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Description | Management Options | Other Photos

Management Options


Hygrophila can be removed by raking or seining it from the pond but will reestablish from any remaining fragments and roots.

Aquashade and other non-toxic dyes or colorants.  Dyes prevent or reduce aquatic plant growth by limiting sunlight penetration, similar to fertilization.  However, dyes does not enhance the natural food chain and may suppress the natural food chain of the pond.


Grass carp will seldom control aquatic vegetation the first year they are stocked.  They will consume hygrophila but it is not preferred and will be consumed only after more preferred plants are eaten.  Grass carp stocking rates to control Hygrophila are usually in the range of 7 to 15 per surface acre or more.  In Texas, only triploid grass carp are legal and a permit from the Texas Parks and Wildlife Department is required before they can be purchased from a certified dealer.


The only active ingredient that has been successful in treating Hygrophila is: flumioxazin (G). E = excellent, G = good

Clipper is a flumioxazin product and comes in a water dispersible granule which must be mixed in water first and then either sprayed or injected.  It is a broad spectrum, contact herbicide.  Contact herbicides act quickly.  Flumioxazin should be applied to actively growing plants and a surfactant will be needed if the herbicide is applied foliage of floating or emergent plants.  Water pH needs to be below 8.5 or flumioxazin will rapidly degrade and lose effectiveness.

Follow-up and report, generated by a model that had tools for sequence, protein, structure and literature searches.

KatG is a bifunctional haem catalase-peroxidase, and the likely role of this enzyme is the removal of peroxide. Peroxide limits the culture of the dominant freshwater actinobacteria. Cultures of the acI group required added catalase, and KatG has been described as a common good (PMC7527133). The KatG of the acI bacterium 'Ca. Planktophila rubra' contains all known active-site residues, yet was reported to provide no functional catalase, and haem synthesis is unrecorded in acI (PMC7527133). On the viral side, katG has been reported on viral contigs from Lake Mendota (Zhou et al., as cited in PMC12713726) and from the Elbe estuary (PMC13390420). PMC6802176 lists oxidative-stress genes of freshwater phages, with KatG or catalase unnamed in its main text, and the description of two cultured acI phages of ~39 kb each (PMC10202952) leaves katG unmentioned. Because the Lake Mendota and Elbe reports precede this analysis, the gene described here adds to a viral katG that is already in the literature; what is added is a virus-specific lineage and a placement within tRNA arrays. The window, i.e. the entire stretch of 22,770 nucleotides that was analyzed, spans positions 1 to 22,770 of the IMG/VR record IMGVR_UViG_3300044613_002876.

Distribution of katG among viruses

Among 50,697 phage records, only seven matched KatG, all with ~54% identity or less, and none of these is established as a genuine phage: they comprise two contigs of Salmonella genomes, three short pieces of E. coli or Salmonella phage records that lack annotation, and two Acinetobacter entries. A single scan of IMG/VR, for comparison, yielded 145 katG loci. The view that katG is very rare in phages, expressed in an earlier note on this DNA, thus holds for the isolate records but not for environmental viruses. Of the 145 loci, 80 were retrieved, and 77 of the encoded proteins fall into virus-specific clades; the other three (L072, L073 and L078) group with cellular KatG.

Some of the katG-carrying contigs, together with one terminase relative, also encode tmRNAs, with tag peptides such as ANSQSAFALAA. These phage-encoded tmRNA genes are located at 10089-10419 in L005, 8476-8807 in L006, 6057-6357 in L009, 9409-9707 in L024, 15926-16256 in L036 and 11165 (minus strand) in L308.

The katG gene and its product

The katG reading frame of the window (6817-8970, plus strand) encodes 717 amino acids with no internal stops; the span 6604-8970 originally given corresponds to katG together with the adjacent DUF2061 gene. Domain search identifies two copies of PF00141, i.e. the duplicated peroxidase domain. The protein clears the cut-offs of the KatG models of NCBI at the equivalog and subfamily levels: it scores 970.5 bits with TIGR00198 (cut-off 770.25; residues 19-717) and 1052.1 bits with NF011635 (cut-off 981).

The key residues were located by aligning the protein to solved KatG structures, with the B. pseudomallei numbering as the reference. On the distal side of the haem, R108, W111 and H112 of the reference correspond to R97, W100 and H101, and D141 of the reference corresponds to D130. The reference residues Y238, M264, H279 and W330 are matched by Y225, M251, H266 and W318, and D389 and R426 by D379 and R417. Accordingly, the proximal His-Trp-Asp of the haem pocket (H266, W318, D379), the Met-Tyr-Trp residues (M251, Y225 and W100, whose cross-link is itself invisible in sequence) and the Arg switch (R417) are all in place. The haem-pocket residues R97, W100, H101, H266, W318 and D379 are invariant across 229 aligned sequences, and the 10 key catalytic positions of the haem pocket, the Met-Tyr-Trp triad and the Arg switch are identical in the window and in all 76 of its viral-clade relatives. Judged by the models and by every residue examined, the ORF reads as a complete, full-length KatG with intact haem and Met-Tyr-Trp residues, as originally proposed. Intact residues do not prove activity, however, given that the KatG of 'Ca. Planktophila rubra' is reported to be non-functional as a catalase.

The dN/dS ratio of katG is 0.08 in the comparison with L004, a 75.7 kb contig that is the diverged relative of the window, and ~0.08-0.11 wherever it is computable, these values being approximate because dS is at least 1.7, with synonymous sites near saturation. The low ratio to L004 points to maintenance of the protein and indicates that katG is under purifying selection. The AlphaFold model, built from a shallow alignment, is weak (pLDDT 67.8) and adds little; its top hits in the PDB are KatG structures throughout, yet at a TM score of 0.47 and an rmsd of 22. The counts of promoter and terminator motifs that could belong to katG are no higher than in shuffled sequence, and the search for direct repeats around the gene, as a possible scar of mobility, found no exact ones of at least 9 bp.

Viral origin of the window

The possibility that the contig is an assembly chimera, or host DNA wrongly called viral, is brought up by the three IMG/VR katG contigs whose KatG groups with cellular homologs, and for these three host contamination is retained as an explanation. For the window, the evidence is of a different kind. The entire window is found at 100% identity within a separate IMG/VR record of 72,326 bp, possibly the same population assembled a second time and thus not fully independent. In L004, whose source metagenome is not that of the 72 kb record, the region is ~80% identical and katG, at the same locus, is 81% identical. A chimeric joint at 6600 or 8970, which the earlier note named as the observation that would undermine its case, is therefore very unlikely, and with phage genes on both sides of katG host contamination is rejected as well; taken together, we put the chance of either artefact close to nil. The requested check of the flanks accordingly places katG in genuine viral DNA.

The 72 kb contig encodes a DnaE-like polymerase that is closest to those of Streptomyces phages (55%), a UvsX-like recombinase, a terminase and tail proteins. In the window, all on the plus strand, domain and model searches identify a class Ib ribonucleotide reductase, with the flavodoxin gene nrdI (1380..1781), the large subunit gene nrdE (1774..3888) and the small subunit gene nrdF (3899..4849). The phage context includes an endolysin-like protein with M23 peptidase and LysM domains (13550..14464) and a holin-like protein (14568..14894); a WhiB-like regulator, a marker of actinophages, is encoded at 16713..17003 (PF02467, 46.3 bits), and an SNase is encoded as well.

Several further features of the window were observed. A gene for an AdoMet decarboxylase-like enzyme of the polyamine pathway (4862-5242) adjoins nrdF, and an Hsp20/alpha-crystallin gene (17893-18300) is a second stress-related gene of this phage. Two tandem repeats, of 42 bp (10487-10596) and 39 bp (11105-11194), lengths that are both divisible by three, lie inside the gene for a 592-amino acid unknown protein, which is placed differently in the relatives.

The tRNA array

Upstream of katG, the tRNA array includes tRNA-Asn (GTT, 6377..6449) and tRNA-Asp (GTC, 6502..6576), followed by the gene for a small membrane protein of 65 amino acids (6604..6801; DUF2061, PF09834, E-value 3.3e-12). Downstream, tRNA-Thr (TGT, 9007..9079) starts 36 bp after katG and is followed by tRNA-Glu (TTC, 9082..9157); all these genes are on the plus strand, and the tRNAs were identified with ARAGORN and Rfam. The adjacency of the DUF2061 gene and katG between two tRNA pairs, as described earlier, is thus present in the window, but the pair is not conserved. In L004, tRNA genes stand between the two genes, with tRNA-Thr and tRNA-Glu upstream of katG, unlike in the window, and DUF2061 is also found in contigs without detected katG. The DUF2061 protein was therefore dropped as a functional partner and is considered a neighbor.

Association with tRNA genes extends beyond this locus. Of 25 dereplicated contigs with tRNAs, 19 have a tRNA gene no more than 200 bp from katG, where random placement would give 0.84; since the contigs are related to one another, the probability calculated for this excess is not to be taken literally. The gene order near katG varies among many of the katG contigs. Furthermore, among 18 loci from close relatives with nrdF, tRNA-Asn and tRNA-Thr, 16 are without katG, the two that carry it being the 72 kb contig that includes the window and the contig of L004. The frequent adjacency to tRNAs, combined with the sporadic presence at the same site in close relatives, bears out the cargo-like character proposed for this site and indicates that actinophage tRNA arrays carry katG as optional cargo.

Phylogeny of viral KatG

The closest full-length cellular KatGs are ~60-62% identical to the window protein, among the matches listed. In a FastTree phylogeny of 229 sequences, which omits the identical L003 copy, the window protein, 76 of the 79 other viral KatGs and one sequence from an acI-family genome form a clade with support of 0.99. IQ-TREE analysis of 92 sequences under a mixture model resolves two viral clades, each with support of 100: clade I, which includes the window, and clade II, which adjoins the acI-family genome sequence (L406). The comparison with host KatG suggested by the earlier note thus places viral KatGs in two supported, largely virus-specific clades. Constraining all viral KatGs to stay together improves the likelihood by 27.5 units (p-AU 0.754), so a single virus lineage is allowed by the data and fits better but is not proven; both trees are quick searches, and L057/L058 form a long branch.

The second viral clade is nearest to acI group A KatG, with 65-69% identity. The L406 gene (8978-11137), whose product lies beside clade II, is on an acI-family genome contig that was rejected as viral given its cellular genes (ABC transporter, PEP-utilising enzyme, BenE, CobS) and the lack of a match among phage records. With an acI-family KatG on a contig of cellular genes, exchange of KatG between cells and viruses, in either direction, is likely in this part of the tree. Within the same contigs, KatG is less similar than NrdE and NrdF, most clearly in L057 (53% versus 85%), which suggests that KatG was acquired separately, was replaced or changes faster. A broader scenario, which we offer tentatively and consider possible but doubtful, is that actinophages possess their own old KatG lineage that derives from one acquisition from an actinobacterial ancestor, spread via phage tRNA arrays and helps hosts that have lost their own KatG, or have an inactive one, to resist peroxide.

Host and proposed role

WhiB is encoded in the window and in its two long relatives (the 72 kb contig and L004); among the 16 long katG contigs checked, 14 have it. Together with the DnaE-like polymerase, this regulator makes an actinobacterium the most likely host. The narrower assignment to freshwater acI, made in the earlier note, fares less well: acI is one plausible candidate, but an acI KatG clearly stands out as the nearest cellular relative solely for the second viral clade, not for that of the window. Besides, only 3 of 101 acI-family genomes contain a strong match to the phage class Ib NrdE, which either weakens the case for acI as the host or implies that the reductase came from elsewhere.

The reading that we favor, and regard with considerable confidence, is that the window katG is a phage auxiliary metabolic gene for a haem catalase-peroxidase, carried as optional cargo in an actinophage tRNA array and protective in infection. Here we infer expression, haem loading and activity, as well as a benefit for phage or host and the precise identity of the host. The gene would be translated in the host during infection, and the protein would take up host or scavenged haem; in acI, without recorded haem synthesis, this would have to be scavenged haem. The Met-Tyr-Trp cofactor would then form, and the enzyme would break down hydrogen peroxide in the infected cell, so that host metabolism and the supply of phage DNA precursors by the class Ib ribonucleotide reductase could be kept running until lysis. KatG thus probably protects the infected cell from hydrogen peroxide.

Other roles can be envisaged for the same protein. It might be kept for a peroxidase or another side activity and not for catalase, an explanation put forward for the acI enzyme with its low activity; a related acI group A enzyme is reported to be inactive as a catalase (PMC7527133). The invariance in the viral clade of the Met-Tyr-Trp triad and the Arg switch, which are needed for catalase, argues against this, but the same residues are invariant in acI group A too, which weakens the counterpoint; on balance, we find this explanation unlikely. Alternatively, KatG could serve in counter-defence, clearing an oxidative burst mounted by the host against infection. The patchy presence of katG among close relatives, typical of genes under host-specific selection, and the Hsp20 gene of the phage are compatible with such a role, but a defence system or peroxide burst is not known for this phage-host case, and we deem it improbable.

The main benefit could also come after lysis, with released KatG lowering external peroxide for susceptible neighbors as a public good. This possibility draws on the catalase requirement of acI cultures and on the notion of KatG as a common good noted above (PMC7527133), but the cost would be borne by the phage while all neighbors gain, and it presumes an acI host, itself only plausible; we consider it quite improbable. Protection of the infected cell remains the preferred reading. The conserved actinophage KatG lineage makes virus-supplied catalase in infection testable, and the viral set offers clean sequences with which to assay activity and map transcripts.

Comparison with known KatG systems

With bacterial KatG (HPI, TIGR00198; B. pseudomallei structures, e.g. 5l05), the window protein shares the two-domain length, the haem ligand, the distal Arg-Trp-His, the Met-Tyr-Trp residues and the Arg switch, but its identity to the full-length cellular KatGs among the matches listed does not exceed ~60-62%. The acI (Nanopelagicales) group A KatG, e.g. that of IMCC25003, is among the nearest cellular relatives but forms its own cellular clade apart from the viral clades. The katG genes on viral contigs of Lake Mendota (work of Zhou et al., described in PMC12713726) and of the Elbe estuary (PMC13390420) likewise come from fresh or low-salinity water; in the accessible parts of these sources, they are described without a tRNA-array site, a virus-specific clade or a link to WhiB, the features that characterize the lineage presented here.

One danger with any chemical control method is the chance of an oxygen depletion after the treatment caused by the decomposition of the dead plant material.  Oxygen depletions can kill fish in the pond.  If the pond is heavily infested with weeds it may be possible (depending on the herbicide chosen) to treat the pond in sections and let each section decompose for about two weeks before treating another section.   Aeration, particularly at night, for several days after treatment may help avoid an oxygen depletion.

One common problem in using aquatic herbicides is determining area and/or volume of the pond or area to be treated.  To assist you with these determinations see SRAC #103 Calculating Area and Volume of Ponds and Tanks.

Many aquatically registered herbicides have water use restrictions.  For General Water Use Restrictions click here.

To see the labels for these products click on the name.  Always read and follow all label directions. Check label for specific water use restrictions.

Cultivation Options

Hygrophila is a non-native, very invasive plant and should not be propagated.  It is on the federal noxious species list.